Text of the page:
This shows that D1 and D2 have been evolving separately—in cyanobacteria and plants they only share 30 percent of their genetic sequence. Even in their original form, D1 and D2 would have been able to perform oxygenic photosynthesis, so knowing how long ago they were identical could reveal when this ability first evolved.

To find out the difference in time between D1 and D2 being 100 percent identical, and them being only 30 percent the same in cyanobacteria and plants, the team determined how fast the proteins were changing—their rate of evolution.

Using powerful statistics methods and known events in the evolution of photosynthesis, they determined that the D1 and D2 proteins in Photosystem II evolved extremely slowly—even slower than some of the oldest proteins in biology that are believed to be found in the earliest forms of .

From this, they calculated that the time between the identical D1 and D2 proteins and the 30 percent similar versions in cyanobacteria and plants is at least a billion years, and could be more than that.

Dr. Cardona said: "Usually, the appearance of oxygenic photosynthesis and cyanobacteria are considered to be the same thing. So, to find out when oxygen was being produced for the first time researchers have tried to find when cyanobacteria first evolved.

"Our study instead shows that oxygenic photosynthesis likely got started long before the most recent ancestor of cyanobacteria arose. This is in agreement with current geological data that suggests that whiffs of oxygen or localized accumulations of were possible before three billion years ago.

"Therefore, the origin of oxygenic and the ancestor of do not represent the same thing. There could be a very large gap in time between one and the other. It is a massive change in perspective."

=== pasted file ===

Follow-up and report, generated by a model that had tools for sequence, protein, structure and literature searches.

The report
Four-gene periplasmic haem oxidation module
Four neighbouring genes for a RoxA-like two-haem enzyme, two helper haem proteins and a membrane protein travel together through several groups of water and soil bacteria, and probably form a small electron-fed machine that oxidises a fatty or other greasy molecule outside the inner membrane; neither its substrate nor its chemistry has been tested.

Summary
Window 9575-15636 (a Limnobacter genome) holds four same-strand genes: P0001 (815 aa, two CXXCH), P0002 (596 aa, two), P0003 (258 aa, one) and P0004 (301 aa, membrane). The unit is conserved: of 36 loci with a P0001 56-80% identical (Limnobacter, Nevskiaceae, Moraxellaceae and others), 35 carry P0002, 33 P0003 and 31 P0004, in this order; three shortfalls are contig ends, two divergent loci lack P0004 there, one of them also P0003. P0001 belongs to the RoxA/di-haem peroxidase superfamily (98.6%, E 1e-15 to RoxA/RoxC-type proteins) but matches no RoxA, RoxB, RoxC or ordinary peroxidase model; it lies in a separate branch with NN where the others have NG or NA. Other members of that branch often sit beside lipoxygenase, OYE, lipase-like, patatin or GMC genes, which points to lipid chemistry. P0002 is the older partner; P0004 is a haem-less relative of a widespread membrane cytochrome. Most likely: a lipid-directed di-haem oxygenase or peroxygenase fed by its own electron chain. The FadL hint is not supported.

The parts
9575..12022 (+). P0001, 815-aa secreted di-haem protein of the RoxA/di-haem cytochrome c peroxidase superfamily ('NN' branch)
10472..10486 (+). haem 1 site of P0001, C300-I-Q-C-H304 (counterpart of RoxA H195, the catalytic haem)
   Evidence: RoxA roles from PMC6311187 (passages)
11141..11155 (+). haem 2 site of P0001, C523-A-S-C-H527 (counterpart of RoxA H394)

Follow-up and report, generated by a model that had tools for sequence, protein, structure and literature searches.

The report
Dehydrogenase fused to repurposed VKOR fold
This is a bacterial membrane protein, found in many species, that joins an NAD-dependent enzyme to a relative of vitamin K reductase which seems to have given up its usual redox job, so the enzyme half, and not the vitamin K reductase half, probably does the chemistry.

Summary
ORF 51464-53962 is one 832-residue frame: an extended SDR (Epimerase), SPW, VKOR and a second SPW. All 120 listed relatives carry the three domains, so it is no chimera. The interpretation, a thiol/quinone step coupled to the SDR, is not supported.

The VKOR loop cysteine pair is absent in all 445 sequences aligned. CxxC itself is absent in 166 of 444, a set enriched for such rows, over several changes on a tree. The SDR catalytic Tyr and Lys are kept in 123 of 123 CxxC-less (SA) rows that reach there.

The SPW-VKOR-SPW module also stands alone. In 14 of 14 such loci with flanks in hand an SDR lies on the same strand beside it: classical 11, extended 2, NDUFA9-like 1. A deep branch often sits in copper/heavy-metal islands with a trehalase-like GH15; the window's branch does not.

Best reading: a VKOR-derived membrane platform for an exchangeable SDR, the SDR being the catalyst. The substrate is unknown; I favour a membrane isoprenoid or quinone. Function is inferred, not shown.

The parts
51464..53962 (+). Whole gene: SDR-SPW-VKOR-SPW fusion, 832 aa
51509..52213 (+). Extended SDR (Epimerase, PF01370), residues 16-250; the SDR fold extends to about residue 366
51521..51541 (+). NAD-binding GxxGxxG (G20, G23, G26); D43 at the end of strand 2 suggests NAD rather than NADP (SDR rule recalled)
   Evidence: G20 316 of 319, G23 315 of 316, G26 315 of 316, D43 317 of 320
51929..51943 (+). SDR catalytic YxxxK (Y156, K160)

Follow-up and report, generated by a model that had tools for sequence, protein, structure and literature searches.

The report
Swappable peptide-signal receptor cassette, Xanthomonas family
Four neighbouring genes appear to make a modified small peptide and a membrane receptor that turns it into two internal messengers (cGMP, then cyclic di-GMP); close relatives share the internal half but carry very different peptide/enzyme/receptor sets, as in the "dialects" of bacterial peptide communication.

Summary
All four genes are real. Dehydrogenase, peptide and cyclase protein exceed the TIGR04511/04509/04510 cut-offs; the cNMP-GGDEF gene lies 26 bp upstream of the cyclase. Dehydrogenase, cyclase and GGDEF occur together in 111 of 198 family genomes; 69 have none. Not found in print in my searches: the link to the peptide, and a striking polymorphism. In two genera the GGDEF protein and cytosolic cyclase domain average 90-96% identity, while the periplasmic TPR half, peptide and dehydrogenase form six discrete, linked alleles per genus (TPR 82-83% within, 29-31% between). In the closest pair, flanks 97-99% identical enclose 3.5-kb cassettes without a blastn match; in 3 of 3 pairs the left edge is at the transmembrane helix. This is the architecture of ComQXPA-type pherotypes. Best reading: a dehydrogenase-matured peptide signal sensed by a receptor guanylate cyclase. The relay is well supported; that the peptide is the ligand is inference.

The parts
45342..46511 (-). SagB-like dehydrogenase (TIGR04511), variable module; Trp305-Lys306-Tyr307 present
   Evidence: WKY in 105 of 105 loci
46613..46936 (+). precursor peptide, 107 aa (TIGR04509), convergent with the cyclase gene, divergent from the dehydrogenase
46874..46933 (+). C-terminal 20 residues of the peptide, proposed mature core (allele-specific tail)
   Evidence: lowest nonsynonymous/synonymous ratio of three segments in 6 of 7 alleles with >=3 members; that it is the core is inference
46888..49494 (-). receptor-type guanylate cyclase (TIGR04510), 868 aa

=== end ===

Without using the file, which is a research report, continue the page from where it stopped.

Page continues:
Now, the team are trying to recreate what the photosystem looked like before D1 and D2 evolved in the first place. Using the known variation in photosystem genetic codes across all species alive today, they are trying to piece together the ancestral photosystem genetic code.

Explore further: Photosynthesis originated a billion years earlier than we thought, study shows

More information: Tanai Cardona et al, Early Archean origin of Photosystem II, Geobiology (2018). DOI: 10.1111/gbi.12322

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torbjorn_b_g_larsson
3 / 5 (2) Nov 28, 2018
The used age for the cyanobacteria root (Gloeobacter is claimed as a close sister) is in the lower end of the posteriori credibility of https://disq.us/u...=2285912 (Fig. 3), which uses Gloeobacter as a calibration node.

FWIW, while trees push the roots as far as they can, the statistical credibility for life emergence in the latter fossil and genetic synthesis paper is a further 1 billion year back, just after the Moon forming impact and and additional 40 Myrs for crust formation. So the discussion of oxygenating photosynthesis likelihood may be slightly biased by - ironically - a conservative dating of life.
rrwillsj
not rated yet Nov 29, 2018
Oh Bjorn, you are so much nicer a person than I am. And so much more patient,

That you managed to translate that much information out of this garbled mess of an article? Is a credit to your shrewd judgement.